A riddle: What's the difference between your content and mashed potatoes?
To the technologies that host and deliver your content, the stuff they deliver may just as well be mashed potatoes as text strings or image files.
Even marketers who spend lots of time tagging content know the process is very fallible, often out of date, and only applicable to a handful of pre-selected contexts.
The technology simply doesn't know what the content's actually about, or how it works. It's just content.
The same applies to marketers across the business.
That great video explainer that got made two years ago during another CMO's tenure?
It may as well be a little portion of mashed potatoes buried under a mountain of other mashed potatoes.
Enough of the metaphor. You get it.
Content intelligence changes all that.
It is technology that helps content understand itself - what it's about, how it speaks, how effective it is at accomplishing certain goals, what emotions it calls to mind, etc.
That may sound funny. It is. But it's not necessarily stranger than spellcheck in your word processor.
Thanks to a built-in dictionary, the processor knows that 'recieve' may not be right, and puts a little red line under it.
Content intelligence goes a bit further, in that it's continuously updating itself.
Iimagine a very smart dictionary that automatically absorbed neologisms and understood word choice given context ("you might want to say 'car' here instead of 'automobile'").
But the principle's the same.
And because content's the coin of the digital realm for all things marketing these days, content intelligence delivers a real kick:
It’s no secret, company websites are a key implement in the B2B marketer’s toolbox. B2B marketers rate websites as the second most effective demand management tactic for building awareness (behind events) in our 2016 Business Technographics marketing survey. B2B companies also expect more than half of their customers to buy online within three years.[i] These trends show just how important it is for marketers to get the website experience right – and to produce Web content that builds empathy to engage buyers.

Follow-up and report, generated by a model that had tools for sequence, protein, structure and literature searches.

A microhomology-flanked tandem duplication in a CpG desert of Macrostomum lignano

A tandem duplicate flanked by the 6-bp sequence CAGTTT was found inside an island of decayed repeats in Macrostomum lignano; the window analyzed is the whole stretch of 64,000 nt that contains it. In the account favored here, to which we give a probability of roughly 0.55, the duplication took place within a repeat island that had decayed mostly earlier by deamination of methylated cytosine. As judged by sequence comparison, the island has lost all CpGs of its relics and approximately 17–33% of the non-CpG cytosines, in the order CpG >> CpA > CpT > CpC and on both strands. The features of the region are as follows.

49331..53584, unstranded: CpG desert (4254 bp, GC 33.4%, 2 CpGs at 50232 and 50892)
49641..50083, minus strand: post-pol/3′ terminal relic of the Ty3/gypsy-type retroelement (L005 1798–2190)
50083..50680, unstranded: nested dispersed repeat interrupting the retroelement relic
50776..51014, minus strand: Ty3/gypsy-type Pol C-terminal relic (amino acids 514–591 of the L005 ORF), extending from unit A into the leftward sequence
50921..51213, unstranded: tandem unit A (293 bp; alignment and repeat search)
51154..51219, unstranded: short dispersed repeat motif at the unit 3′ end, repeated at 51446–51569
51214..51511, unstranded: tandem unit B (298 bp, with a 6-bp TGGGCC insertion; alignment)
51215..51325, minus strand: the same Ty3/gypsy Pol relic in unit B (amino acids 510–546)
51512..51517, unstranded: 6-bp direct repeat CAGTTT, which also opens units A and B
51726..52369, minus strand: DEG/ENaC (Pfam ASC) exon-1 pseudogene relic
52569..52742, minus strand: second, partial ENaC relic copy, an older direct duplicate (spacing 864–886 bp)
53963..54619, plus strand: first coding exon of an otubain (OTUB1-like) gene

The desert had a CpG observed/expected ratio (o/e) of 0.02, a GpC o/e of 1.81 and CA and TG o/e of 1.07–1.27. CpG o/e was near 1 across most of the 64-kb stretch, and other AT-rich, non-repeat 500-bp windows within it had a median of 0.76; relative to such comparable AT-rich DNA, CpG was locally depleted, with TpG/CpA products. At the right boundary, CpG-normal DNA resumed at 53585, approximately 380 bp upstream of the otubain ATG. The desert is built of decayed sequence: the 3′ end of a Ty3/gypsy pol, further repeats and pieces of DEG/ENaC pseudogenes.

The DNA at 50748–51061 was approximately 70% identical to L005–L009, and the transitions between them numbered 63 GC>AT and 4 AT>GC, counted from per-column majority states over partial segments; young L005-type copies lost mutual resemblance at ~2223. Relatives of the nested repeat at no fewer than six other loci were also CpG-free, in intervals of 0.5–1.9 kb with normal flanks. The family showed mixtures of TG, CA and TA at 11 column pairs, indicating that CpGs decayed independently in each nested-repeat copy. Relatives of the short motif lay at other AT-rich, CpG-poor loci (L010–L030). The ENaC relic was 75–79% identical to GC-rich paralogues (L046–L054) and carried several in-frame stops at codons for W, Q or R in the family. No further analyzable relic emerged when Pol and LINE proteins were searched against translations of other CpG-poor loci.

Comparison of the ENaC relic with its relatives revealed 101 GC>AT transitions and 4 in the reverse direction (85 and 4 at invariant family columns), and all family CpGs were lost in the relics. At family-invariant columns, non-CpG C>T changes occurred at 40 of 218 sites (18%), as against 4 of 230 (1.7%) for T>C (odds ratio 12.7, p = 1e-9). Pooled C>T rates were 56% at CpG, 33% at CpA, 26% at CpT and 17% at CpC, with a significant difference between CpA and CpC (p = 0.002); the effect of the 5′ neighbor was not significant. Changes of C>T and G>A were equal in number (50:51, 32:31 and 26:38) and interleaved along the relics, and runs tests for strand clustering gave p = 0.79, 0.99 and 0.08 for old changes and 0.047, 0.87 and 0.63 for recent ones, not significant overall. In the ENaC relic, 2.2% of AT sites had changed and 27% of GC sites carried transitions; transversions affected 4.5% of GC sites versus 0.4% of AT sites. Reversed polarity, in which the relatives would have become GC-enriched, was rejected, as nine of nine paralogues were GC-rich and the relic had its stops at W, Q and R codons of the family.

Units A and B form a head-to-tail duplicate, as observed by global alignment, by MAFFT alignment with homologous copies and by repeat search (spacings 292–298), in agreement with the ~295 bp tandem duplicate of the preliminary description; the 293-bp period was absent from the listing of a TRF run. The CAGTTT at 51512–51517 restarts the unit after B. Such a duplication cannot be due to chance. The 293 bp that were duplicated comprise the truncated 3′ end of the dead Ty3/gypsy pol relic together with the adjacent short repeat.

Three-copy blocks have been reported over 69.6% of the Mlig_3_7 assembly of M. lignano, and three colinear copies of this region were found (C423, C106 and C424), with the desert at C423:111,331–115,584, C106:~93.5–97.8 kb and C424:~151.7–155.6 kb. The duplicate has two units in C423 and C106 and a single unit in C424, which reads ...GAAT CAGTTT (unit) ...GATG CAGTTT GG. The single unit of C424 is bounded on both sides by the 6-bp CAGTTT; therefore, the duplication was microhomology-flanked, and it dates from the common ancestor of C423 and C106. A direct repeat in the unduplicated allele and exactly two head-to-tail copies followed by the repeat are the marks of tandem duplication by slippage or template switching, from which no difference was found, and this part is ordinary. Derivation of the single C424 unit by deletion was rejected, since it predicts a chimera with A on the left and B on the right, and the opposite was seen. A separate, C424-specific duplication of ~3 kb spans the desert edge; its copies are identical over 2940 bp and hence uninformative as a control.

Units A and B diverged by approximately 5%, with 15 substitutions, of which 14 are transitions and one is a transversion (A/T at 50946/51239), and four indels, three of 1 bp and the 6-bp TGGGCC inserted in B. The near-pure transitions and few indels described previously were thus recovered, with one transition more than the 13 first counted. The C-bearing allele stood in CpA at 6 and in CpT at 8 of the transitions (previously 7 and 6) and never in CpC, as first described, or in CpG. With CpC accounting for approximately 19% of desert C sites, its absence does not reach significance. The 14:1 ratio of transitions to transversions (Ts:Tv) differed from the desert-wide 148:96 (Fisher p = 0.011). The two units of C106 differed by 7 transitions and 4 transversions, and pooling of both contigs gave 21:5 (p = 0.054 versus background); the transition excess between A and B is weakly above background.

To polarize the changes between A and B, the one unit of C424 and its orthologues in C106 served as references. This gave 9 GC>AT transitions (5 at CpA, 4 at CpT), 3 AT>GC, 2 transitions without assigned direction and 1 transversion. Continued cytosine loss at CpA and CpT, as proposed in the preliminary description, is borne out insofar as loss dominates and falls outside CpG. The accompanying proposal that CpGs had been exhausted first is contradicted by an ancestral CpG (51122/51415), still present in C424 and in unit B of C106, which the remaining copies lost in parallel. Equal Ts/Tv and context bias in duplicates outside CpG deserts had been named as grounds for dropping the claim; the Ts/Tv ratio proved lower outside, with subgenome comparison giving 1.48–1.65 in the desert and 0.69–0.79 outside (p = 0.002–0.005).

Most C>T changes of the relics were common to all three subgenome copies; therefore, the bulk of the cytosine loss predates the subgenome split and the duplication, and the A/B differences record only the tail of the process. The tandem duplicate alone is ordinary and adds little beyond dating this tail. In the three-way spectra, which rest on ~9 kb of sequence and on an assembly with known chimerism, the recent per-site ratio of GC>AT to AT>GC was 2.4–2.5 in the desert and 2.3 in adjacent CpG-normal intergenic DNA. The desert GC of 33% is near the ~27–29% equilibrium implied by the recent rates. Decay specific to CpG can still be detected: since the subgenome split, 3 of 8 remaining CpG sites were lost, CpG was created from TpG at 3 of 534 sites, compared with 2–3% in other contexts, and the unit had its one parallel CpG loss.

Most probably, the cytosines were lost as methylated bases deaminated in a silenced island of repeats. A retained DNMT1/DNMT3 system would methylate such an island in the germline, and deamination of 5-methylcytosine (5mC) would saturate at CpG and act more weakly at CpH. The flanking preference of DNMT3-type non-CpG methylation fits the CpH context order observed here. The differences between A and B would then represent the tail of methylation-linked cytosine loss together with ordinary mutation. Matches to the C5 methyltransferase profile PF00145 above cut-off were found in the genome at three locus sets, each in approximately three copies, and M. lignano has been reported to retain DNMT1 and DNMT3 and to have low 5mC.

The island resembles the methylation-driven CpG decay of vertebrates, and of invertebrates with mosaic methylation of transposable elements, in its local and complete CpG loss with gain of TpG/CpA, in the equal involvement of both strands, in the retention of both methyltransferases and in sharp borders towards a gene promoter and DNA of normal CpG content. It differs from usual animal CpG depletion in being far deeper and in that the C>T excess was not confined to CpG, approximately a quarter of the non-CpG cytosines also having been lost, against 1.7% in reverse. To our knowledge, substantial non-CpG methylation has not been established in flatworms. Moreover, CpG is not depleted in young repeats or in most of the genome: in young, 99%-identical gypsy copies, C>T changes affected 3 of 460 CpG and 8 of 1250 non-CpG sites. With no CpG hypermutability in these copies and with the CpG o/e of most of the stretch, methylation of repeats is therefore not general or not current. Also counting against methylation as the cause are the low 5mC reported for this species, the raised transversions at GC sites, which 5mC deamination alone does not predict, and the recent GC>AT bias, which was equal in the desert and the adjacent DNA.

I love watching the annual Academy Awards — not only for the fashion show and blunders exposed on live TV but also to learn about how content resonates with audiences today and how cinema is evolving. In a world where people frequently face information overload and crave smaller bites (and bytes) of content, I’ve often wondered, what is the fate of the full-length film?
Forrester’s Consumer Technographics® data reveals a curious story: Rather than reaching any type of saturation point, US consumers’ media appetite is growing rapidly: 93% of online adults frequently watch video today, more than 10 percentage points higher than two years ago. And their often-criticized waning attention span is not deterring consumers from sitting through full-length films; in fact, movie viewership is on the rise. However, our data shows that the viewing experience is changing: Movie watching is getting more personal as consumers increasingly turn to their home devices instead of going to the movie theater.
It’s Groundhog’s Day, when a sleepy landpig emerges from his little mancave and entertains questions from the press about astronomical phenomena!
As good a day as any to share a few content trends where we at Forrester expect to see considerable acceleration this year.
Here are your 6 content trends and one wannabe-trend that won’t trend in 2017.
The first megatrend
Direct-to-consumer pushes CPG out of the brand advertising comfort zone
Direct-to-consumer plays by the CPG giants, and even more so the CPG small guys, will put substantial pressure on brand marketers to invest in content and experiences that drive action. That means more content for richer websites, email programs, product documentation, and paid and unpaid executions. Mondelez’s made a $10 billion bet on this, and Unilever’s acquisition of Dollar Shave Club signals their interest in more direct subscription-driven sales.
What does it mean?
Digital agencies with strong content chops and some ecommerce nous will be the winners, as brand teams ramp up their direct marketing capabilities.
The second gigatrend Stunts and experiential executions set higher bars for hero and community content
On October 22, 2016, AT&T announced its intention to acquire Time Warner for an equity value of $85.4 billion. The deal is essentially about the combination of quality content and content distribution, as it transforms AT&T into a content producer and owner — rather than just a distributor of content. Many telecom regulators restrict revenue growth opportunities for telcos in highly regulated telco markets. As a result, telcos are increasingly looking outside their markets for growth opportunities. This deal is evidence of this trend.
Telco CIOs Must Become More Strategic To Prepare For The Content Opportunity